Racing Rocket Engines

Hydrogen peroxide rockets can be used to drive all kind of vehicles like cars, motorcycles, go-carts, bicycles and ice sledges.
Here below some examples:

Drag racing car:


Rocket motorcycle:

(He doesn´t start until 1 min 57 sec in to the movie clip!)


Read more and look at a video of the HP Rocket Go-kart here


Read more and look at videos of the HP Rocket bicycle here

Rocket "Kick Sledge"





OWN BUILT RACING ROCKET ENGINE
We have built a racing rocket engine, intended for installation on a small vehicle like a bike or a Go-cart.




Engine parts:
1. Composite Compressed Air bottle, 1.1 liter, 300 bar
2. Pressure control regulator.
3. SS Peroxide Tank 9 liters, 22 bar, with safety relief valve and pressure gauge.
4. ¾” flow control ball valve, SS
5. Catalyst package chamber. Di = 81 mm.
Catalyst package at testing was 37 discs of solid silver wire screens plus 95 discs of silver plated SS screens.
6. Rocket Nozzle. Throat D = 38 mm. Exit D = 52 mm


The engine has the following calculated performance at maximum peroxide pressure, 22 bar, in the peroxide tank:

Thrust 142 kp =1390 Newton
Peroxide consumption 0.95 liter/second. H2O2% =85
Running time with full tank, 9 liters 9.5 seconds

Performance calculations here


Static tests in test stand
The engine was tested in the test stand seen on the below picture. The rocket thrust was measured by the stand was pushing on a digital balance, placed between the stand and the cottage porch seen on the picture.



Three tests were made:

Test 1Test 2Test 3
Peroxide Tank Pressure (appr.)2.5 bar4 bar8 bar
Measured Thrust (appr.)5 kp25 kp50 kp
Runtime with 9 liter peroxide fuel80 sec45 sec24 sec


The tests can be seen here:

Low pressure test, 80 sec runtime


8 bar,50 kp,24 sec runtime



The conclusions from these tests are:
* The engine is running clean with no visible plume. That means the decomposition of peroxide is complete.
* The thrust at different pressures is as expected. That means that the calculated performance of 142 kp can be expected at maximum tank pressure, 22 bar.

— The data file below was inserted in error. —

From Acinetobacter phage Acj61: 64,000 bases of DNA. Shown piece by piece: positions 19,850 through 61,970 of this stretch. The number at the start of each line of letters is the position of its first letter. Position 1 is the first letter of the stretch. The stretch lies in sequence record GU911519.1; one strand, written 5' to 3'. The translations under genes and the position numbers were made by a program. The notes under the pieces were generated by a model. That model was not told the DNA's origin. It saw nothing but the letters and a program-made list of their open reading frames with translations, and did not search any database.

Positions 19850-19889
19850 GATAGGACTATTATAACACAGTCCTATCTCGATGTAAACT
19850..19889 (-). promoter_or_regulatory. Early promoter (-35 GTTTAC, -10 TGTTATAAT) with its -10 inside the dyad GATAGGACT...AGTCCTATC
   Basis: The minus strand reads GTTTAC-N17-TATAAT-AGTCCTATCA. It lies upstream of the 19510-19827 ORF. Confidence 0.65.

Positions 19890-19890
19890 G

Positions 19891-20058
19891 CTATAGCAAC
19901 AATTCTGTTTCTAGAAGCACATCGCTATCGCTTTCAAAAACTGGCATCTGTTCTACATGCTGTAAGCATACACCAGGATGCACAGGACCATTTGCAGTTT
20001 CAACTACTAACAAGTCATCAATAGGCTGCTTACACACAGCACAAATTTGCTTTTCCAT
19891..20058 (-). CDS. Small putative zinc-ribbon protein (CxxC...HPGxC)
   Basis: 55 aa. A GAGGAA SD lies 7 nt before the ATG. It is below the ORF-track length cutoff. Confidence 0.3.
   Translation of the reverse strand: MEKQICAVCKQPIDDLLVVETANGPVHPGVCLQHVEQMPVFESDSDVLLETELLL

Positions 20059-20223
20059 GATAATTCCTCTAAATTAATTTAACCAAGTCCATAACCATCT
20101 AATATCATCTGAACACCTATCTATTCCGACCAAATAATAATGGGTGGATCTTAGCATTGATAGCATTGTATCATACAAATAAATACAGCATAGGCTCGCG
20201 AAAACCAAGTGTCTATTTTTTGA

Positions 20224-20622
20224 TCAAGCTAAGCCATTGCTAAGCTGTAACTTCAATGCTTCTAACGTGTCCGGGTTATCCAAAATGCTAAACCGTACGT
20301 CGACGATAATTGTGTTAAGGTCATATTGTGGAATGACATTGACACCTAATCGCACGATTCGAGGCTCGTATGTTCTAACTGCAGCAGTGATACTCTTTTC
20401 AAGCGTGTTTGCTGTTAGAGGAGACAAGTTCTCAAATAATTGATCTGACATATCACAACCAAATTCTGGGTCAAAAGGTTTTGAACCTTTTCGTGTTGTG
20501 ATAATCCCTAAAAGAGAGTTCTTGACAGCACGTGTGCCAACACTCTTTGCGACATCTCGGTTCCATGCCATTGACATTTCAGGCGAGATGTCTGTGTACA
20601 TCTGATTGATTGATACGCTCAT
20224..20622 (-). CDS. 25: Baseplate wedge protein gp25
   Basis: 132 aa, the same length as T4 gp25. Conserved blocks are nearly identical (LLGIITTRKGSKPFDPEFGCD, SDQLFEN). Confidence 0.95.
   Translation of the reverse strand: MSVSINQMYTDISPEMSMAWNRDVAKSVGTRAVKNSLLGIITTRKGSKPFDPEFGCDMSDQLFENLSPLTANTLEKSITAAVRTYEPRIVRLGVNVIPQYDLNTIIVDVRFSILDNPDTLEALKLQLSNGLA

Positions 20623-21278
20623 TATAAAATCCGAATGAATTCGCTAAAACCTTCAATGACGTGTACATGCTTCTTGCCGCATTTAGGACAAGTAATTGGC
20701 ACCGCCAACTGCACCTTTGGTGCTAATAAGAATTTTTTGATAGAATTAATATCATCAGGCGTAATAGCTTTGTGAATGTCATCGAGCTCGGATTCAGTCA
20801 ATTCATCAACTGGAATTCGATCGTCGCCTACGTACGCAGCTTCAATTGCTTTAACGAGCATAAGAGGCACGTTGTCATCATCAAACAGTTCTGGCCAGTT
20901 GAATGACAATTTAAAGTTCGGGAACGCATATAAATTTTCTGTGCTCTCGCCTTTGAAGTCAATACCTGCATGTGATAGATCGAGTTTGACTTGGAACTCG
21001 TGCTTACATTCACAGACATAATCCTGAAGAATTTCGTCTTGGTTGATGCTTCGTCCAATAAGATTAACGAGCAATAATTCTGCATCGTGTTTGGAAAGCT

DON HEITH´s ROCKETBIKE
Don Heith and his son Alex are building a rocketbike. I have helped with the rocket engine design.

Design thrust: 777 lbs

Calculated performance (not taking drag into account):
Time for a quarter mile: 6.x seconds
Final speed: At least 200 mph

Real performance still remains to be seen.

I visited Don and Alex on May 9, 2014, when the below picture was taken.


We made the first hot test of the rocket with the bike tied down in the garage. The rocket worked fine!


Don´s bike has only one rocket nozzle, located straight behind the back wheel. Other rocketbikes use to have two nozzles: -One on each side of the back wheel

Racing Performance Calculations
We have prepared an excel program for estimating the performance of the vehicle at racing. To download the program , click here

The first page is calculating fuel consumption, acceleration, top speed and travelled runway distance and time, considering no aerodynamic drag and no friction losses.
Input numbers are rocket thrust and peroxide volume in the tank.

The second page is calculating the “braking” force caused by the aerodynamic drag. The drag is needed to be subtracted from the rocket thrust to estimate the real performance of the vehicle.

One calculation example:

Input:
Thrust 50 kp
Fuel in tank 4.5 liters
Weight of vehicle 120 kg

Calculated performance (at zero drag):
Travelled distance at end of rocket run time: 0.25 miles (Standard Drag Racing Distance)
Top speed after 0.25 miles: 198 kmh (124 mph)
Time for travelling 0.25 miles (from stand-still): 13.4 seconds

The performance will be limited a bit because of the aerodynamic drag (page 2 in the program), but the thrust can be increased to more than compensate by increasing tank pressure/rocket thrust.

At estimated max thrust, 142 kp, we believe it is possible to break most world records for small vehicles!

Update
We found at the test of the engine that we needed an adjustable pressure regulator for better control. See picture below:

This article was updated on May 12th, 2014